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Holding the line on auditor rotation.

Among the many oversight and regulatory challenges facing financial executives, mandatory auditor rotation is one that's a source of particular consternation. The idea behind the Public Company Accounting Oversight Board's proposal is to increase auditor independence and cut down--as much as possible--on any future mishandling of financial reports.

Naturally, we should strive to improve processes, resolve emerging issues and endorse changes that bring real value to the profession. FEI has always recognized and supported the need for auditor independence and impartiality. But mandatory rotation isn't the answer. In our view, such a step would dramatically raise costs, disrupt operations and potentially strip corporate leadership of the kind of seasoned, industry-smart advisers on whom they've come to rely.


Questioning the Benefits

There is no guarantee that auditor rotation will raise standards and quality, or automatically bring about greater independence. Providing auditors of maximum skill, experience and deep industry expertise should be the ideal, but a forced replacement of auditors, necessitating more resources and added expense at a time so many companies are still recovering from the recent economic collapse, may not accomplish that.

Second, regular rotation of auditors can hurt multinational corporations. How many global accounting firms have the capacity to handle all of the accounting demands of an enterprise that is actively engaged in dozens of locales across the globe? Very few. Individual country tax codes are different and complex, requiring depth and broad skills.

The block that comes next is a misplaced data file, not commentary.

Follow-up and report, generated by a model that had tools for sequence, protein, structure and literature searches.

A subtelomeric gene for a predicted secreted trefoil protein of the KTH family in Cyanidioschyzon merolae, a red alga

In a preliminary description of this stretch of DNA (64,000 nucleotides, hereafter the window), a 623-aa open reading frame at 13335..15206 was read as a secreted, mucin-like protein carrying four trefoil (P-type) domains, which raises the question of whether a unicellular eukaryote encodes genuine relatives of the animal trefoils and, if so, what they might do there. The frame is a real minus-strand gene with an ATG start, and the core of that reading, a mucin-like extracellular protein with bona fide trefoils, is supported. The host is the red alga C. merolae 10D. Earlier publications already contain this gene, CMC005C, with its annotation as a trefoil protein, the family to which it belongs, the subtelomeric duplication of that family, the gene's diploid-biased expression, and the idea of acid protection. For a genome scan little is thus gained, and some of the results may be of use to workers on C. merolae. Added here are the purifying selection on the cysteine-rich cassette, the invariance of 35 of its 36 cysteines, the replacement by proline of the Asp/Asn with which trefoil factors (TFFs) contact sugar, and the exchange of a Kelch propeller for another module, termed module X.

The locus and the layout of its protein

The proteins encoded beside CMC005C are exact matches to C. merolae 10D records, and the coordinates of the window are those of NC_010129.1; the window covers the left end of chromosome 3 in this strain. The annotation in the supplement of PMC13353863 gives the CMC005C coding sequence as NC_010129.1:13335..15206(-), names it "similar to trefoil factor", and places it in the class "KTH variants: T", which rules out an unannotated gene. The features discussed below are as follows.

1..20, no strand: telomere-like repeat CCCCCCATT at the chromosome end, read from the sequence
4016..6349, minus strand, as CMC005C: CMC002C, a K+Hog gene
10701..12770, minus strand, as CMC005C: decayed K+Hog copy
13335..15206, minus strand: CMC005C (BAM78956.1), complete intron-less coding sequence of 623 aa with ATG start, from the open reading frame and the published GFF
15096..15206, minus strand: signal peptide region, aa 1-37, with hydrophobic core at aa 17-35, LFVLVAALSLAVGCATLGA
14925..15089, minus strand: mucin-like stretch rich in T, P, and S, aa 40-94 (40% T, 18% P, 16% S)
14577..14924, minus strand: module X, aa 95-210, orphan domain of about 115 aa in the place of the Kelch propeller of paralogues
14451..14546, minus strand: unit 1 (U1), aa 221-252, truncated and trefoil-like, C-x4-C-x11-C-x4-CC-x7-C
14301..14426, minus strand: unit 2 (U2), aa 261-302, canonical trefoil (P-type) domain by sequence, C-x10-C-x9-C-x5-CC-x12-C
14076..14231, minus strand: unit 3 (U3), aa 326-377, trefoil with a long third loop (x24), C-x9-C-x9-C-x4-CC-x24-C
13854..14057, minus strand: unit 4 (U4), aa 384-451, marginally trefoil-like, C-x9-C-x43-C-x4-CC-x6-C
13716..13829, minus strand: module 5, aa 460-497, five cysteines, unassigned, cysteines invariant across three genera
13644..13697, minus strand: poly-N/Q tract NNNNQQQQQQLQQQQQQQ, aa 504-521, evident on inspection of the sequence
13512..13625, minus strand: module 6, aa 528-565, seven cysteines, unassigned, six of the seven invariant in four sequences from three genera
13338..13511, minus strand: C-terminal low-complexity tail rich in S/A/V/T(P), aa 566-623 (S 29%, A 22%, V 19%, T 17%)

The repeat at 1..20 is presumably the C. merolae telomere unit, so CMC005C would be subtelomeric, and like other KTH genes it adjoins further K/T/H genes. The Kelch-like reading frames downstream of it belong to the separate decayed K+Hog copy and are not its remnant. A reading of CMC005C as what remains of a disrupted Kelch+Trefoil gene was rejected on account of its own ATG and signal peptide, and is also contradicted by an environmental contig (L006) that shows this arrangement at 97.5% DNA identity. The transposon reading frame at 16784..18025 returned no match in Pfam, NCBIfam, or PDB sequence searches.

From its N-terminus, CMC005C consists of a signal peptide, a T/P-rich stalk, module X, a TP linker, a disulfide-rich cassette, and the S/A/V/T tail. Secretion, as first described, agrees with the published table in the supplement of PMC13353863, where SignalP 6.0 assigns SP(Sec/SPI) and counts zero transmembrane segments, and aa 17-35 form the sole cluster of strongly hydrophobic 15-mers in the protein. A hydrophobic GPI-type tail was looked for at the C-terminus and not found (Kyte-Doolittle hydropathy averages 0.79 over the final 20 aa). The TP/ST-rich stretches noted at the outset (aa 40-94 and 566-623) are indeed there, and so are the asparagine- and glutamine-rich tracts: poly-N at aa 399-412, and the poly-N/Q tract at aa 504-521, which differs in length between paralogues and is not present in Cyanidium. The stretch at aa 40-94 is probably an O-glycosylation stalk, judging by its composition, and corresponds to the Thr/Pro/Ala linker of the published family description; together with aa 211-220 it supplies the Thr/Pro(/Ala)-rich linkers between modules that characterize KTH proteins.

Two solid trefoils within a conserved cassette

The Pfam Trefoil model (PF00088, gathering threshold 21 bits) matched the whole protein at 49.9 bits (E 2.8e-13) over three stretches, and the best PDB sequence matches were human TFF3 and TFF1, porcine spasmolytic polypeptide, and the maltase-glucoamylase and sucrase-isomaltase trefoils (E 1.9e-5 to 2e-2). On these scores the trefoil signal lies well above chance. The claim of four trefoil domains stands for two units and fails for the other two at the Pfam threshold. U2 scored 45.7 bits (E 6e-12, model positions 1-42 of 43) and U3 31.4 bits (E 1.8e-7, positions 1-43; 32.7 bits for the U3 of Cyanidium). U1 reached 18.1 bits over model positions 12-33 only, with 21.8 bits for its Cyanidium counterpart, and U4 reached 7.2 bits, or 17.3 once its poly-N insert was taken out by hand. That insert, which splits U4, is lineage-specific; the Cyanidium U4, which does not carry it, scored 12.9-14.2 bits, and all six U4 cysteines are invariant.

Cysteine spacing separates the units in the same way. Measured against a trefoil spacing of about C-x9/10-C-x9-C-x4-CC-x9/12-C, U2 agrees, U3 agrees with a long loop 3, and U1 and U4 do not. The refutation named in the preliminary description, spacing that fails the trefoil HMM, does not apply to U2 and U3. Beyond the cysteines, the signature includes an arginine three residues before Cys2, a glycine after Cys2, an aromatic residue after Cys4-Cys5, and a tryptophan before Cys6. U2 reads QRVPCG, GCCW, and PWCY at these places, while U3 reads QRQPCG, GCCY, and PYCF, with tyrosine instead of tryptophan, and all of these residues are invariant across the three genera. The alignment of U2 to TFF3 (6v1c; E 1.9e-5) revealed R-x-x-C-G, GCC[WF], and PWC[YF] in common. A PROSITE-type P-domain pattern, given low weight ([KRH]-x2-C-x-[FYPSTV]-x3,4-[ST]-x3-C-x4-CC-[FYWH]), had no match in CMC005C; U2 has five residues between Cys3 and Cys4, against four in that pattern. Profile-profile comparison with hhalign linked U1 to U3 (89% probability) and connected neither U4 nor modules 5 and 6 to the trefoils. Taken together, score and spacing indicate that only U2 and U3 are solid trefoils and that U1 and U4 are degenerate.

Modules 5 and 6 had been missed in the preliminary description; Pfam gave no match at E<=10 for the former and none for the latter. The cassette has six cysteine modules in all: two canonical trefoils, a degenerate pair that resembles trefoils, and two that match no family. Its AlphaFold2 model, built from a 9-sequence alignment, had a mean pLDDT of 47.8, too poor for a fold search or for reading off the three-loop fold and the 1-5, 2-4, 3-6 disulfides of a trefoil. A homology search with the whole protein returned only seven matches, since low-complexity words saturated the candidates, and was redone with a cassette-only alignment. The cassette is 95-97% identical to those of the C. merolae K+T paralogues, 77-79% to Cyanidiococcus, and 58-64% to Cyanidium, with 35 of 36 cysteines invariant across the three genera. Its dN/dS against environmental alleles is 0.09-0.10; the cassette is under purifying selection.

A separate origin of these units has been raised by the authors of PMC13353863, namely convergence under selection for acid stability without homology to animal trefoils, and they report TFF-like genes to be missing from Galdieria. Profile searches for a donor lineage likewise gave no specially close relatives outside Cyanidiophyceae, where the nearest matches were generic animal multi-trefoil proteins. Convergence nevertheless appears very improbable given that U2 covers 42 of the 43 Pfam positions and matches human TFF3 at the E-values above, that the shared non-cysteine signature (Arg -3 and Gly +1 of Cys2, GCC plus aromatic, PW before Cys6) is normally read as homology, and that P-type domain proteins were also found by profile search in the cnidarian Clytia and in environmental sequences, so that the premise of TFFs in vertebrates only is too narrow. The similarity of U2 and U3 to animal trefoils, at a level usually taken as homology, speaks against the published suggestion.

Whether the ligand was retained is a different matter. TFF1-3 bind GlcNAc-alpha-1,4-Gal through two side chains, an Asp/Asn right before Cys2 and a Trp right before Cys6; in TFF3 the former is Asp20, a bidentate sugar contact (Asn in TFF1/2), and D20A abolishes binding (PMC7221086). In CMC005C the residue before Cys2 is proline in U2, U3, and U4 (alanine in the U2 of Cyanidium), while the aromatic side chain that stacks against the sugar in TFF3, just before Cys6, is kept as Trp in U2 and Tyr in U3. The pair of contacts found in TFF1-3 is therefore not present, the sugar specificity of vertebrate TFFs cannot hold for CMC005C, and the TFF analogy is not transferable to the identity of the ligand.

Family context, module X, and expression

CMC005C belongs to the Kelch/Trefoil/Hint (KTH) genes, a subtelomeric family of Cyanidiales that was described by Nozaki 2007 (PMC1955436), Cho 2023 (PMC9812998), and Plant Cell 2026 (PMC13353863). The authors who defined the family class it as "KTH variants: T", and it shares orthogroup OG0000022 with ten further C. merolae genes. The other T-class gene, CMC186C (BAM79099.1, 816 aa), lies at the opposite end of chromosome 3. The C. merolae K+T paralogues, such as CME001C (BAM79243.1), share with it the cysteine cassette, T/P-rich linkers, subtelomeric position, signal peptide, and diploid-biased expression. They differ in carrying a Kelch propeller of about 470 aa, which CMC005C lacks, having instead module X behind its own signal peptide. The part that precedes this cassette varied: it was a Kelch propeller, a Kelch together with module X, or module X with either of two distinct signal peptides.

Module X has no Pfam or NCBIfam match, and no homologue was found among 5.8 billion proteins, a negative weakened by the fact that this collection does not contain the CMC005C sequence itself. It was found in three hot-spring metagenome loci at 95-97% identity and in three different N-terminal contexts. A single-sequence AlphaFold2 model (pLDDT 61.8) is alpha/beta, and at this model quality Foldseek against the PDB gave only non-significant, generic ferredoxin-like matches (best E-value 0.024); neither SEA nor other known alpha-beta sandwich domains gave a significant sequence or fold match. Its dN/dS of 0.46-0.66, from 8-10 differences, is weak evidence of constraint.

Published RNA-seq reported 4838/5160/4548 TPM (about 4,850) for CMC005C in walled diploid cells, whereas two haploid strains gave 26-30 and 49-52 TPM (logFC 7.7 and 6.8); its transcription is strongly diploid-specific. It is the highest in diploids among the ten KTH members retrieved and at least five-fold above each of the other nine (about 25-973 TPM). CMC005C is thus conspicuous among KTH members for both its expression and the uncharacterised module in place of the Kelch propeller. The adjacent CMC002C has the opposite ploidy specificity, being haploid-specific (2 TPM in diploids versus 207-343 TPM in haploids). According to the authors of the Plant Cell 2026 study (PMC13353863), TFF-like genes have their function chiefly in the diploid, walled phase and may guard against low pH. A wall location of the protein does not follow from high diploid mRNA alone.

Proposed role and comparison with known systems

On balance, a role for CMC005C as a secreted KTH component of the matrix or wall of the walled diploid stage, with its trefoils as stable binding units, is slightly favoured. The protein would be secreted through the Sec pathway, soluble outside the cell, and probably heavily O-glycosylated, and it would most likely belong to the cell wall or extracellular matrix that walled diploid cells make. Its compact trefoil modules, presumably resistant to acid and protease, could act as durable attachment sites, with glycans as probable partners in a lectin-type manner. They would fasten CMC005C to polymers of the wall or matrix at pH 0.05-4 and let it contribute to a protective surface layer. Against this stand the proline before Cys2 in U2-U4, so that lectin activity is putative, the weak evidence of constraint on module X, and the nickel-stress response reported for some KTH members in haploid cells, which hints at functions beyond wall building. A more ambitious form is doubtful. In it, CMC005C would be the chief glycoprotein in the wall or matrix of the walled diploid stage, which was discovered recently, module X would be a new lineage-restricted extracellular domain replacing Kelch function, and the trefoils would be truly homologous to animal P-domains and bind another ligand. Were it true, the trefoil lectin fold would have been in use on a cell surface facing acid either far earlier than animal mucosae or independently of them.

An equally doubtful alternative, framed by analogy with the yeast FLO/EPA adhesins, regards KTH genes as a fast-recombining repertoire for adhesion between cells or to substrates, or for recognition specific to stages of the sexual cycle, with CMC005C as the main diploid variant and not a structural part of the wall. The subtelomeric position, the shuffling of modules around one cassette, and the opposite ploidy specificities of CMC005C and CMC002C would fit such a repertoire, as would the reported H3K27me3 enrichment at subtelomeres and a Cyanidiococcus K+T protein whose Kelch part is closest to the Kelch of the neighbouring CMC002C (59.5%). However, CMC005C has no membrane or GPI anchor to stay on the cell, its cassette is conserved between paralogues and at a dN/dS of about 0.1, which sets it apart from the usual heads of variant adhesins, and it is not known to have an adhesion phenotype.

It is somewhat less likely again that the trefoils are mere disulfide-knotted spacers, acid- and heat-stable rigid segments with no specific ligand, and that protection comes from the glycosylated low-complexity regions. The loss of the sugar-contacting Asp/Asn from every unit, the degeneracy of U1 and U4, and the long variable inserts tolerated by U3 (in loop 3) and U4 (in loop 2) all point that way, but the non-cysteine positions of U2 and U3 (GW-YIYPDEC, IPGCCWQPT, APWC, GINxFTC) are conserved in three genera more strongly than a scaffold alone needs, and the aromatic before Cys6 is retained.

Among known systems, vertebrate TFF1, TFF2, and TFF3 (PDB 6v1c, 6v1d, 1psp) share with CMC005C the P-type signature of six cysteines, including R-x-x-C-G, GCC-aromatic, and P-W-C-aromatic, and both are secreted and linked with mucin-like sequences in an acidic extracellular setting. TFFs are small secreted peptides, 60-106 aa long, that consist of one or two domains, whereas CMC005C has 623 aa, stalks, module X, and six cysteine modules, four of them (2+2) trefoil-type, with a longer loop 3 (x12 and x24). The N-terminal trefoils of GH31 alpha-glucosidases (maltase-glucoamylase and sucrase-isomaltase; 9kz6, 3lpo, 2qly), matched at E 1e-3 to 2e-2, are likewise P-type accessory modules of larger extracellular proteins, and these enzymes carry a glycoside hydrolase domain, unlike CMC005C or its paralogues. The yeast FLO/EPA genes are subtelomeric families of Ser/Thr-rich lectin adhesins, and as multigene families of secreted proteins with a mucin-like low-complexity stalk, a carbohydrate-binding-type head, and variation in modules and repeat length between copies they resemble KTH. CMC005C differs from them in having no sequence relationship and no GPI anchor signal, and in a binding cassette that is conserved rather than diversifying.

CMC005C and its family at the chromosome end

Multinationals predominately use the Big Four, as they are ideally situated to handle these global issues, and thus may have only three viable alternatives if mandatory rotation is imposed. In some cases, one or two of the other large firms may not be available or may lack sufficient capability in a particular area. When the upper tier of the accounting world was populated by the Big Eight, competition was more plentiful and offered wider options for those seeking new auditors.

Besides cost and operational concerns, institutional knowledge is lost. An auditor who has developed a long and productive experience with a particular client attains an industry knowledge that is not always easily transferrable to a new accounting team.

What happens if a major business transaction is still ongoing when auditor rotation requires a transition from that client? How do businesses account for a selection process that, for big companies, can be a long and time-consuming undertaking?

Additionally, many companies maintain strong non-audit relationships with their auditors, notably in the areas of consulting, valuation or internal audit. This only further complicates the situation. And, as good and deep as the Big Four are, their strengths are not fungible; areas of expertise are not the same--they do not necessarily overlap.

Recently, FEI voiced its opposition to the auditor rotation proposal on Capitol Hill, before the House Sub-Committee on Capital Markets and Government Sponsored Enterprises (as part of a hearing to discuss accounting and auditing oversight and pending proposals under review by regulators and standard setters).

Appearing on behalf of FEI was Gary Kabureck, vice president and chief accounting officer of Xerox Corp. and chairman of FEI's subcommittee on relations with the Financial Accounting Standards Board. He presented the FEI view on the hardships that auditor rotation would create and noted that any good intentions would be more than outweighed by the imposition of excessive cost and operational hardships.

We are optimistic that both House members and standard setters will come to the same conclusion. Meanwhile, FEI will continue to advocate on behalf of members on issues of such profession-wide import.

Marie N. Hollein, CTP

President and CFO

Financial Executives International
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Author:Hollein, Marie N.
Publication:Financial Executive
Geographic Code:1USA
Date:May 1, 2012
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